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  • Writer's pictureGethin Thomas

Sicily May 2013

Originally published on Photoblog by Gethin Thomas November. 23, 2020


This trip to Sicily was a real eye opener. I knew it was the largest island in the Mediterranean, but had not realised how big. The people and the landscape, food and colour were outstanding and I would certainly go again. Partly through happy ignorance we ended up going to the lesser visited North West of the island. The more famous areas you see on films and dramas tend to be in the South East which would be a long trip from where we were, partly because of geography.


Back to the photos, these tiles below are not a roof in the traditional sense,




In the spring, water is pumped into the flats. The summer sun and winds evaporate the water until crystals form. Starting in July, burly men tanned as dark as leather break up the crystals, shovelling them into white mountains that glint in the bright, hot sun under an impossibly blue sky.


Windmills, which once pumped seawater and ground the salt crystals, still stand. They were likely of Turkish design, built when Sicily was under Spanish rule, around 1500 CE. The Phoenicians may have built the flats long before, to cure their fish. No one knows for sure; history is never simple for an island that’s been conquered over the centuries by Greeks, Arabs, Normans, and others.


I particularly like the "burly men tanned as dark as leather "bit, although it seems they had the day off when we were there. Under conquering groups, I am not sure if "others" alludes to tourists like us.




Trapani was the port that served the hill top town of Erice.






This spectacular night-time view is the result of pizza. "When the moon hits your eye like a big pizza pie". We drove to a renowned pizza restaurant on top of a cliff which was quite a way off and the pizza was great, and not in our eye either. This view was the bonus.


Apart from Palermo back along the coast road, this area of Sicily is quite sparsely populated and the landscape mostly unspoiled.

The Italians are blessed with the sort of climate that causes buildings to react well to lack of maintenance and investment. Things tend to end up weathered and with character. In Northern Europe they would just rot and fall down. I expect that regular serious shaking of buildings, as the African land mass forces it's way under the Eurasian land mass right below the island doesn't exactly help either.


There is something not quite right about the window surround below, nothing seems to match up so I suspect this has been reused from another building at some point in the past.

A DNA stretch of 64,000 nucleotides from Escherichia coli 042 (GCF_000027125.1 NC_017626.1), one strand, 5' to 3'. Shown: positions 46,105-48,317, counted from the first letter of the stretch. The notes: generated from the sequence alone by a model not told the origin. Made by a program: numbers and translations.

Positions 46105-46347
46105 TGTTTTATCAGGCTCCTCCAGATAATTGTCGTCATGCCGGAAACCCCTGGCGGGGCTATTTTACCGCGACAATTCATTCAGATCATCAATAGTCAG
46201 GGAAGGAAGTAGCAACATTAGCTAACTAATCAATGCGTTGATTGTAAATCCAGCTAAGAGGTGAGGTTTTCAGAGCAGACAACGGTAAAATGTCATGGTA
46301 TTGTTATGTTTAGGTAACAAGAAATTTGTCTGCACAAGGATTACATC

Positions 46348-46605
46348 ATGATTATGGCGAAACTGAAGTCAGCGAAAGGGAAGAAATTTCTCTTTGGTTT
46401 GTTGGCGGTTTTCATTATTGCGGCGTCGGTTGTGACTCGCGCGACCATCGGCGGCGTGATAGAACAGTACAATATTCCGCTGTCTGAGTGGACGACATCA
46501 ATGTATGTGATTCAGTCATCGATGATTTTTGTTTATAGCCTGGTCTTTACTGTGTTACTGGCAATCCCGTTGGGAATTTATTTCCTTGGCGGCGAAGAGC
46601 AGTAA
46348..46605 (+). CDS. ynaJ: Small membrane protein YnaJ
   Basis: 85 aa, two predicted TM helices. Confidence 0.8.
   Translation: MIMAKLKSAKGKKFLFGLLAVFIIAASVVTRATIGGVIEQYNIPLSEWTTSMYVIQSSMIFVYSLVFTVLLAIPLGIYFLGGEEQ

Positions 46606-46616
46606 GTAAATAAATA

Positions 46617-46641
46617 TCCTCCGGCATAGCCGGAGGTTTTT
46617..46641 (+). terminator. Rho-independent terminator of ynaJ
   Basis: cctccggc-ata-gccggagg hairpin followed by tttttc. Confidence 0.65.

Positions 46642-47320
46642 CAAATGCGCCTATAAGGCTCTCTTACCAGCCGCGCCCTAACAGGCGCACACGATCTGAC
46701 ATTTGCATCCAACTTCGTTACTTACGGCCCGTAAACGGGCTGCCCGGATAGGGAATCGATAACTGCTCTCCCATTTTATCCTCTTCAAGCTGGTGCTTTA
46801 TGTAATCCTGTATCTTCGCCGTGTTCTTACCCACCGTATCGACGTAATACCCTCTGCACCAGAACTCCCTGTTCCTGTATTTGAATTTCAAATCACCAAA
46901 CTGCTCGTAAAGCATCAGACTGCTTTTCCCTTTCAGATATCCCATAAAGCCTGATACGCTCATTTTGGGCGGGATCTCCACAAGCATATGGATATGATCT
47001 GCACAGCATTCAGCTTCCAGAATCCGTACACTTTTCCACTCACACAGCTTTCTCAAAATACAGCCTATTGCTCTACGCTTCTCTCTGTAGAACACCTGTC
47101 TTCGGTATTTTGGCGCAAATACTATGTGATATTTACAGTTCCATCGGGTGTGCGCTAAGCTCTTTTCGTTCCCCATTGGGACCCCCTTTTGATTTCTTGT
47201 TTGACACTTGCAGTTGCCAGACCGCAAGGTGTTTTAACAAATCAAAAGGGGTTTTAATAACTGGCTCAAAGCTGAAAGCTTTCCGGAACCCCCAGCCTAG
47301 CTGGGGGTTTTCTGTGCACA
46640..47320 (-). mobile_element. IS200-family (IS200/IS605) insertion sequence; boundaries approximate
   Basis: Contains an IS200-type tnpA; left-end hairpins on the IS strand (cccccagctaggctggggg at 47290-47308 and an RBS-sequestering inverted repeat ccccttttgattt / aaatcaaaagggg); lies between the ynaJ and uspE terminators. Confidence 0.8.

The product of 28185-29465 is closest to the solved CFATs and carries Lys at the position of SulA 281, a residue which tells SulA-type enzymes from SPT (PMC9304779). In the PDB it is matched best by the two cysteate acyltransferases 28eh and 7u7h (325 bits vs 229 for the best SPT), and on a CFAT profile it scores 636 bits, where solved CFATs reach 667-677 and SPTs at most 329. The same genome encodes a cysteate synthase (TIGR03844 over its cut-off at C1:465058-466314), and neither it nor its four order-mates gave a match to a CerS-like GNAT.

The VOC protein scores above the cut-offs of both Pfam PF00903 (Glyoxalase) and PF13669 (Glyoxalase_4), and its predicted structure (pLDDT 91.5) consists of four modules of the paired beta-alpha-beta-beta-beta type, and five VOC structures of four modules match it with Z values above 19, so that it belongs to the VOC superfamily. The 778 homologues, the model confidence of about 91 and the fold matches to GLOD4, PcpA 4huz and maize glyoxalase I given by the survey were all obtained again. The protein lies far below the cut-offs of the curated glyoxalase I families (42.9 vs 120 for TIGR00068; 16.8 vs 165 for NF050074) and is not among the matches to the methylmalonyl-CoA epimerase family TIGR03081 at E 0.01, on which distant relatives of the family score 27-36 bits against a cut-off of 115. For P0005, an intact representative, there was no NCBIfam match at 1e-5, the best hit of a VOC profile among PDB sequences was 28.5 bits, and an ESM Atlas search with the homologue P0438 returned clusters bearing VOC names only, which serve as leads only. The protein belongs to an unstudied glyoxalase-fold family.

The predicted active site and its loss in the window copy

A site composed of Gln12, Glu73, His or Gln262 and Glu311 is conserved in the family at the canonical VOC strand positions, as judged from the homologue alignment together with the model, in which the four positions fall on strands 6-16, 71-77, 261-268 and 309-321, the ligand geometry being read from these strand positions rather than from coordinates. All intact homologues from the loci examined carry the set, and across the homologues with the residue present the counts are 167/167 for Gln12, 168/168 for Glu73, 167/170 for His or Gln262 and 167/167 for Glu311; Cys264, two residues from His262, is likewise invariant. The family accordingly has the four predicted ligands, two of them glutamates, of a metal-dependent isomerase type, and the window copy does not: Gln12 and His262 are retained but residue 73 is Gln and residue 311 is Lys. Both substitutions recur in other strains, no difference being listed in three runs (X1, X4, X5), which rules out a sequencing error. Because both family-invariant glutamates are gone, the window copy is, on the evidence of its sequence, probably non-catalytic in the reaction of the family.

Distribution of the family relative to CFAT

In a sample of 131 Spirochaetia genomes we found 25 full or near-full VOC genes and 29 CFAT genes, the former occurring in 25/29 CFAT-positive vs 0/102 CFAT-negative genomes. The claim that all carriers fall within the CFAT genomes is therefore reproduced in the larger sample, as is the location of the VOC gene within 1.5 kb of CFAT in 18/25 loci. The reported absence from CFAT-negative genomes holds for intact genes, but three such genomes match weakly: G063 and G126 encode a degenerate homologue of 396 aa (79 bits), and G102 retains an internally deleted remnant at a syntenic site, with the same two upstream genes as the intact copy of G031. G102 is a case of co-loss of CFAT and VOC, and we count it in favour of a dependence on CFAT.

A word of warning if you go and hire a car, never, never use the Sat Nav to cross a town, always go around. Do not go down a road unless you can see loads of other cars going down it ahead of you. We learned that lesson the hard way. You drive down a twisted funnel, that narrows to the width of your car, on a bend, only once. After that you tend to park at the edge of town and walk in.




The historic town of Erice is located on top of Mount Erice, at around 750 metres (2,460 ft) above sea level, overlooking the city of Trapani, the low western coast towards Marsala, the dramatic Punta del Saraceno and Capo San Vito to the north-east, and the Aegadian Islands on Sicily's north-western coast.



There are ways to dry your garlic crop and display your wares for sale and then there are other ways.




These are the ancient Greek ruins, of the temple of Segesta. The origin and foundation of the town of Segesta is extremely obscure. The tradition current among the Greeks and adopted by Thucydides, ascribed its foundation to a band of Trojan settlers, fugitives from the destruction of their city; and this tradition was readily welcomed by the Romans, who in consequence claimed a kindred origin with the Segestans. Thucydides seems to have considered the Elymians , a barbarian tribe in the neighborhood of Eryx and Segesta, as descended from the Trojans in question; but another account represents the Elymi as a distinct people, already existing in this part of Sicily when the Trojans arrived there and founded the two cities. (wikipedia)

On a hill just outside the site of the ancient city of Segesta lies an unusually well preserved Doric temple. It is thought to have been built in the 420s BC by an Athenian architect, despite the city not having a large Greek population. The temple has six by fourteen columns on a base measuring 21 by 56 meters, on a platform three steps high. Several elements suggest that the temple was never finished.




More garlic and crazy bike loading. I particularly like the example below of a gesture towards health and safety, wearing a helmet, although with straps hanging loose so that in any accident it will be safely thrown clear of the wearer before any impact and remain undamaged. I will forever think of scenes like this in Sicily making it in my mind the Vietnam of Europe. To be fair this is amateurish compared to Vietnam when it comes to large loads on two wheels.


These trees appear to have been planned as perfect sun shades for the Fiat 500. In Britain we commonly buy tins of biscuits at Christmas that are larger than this car.




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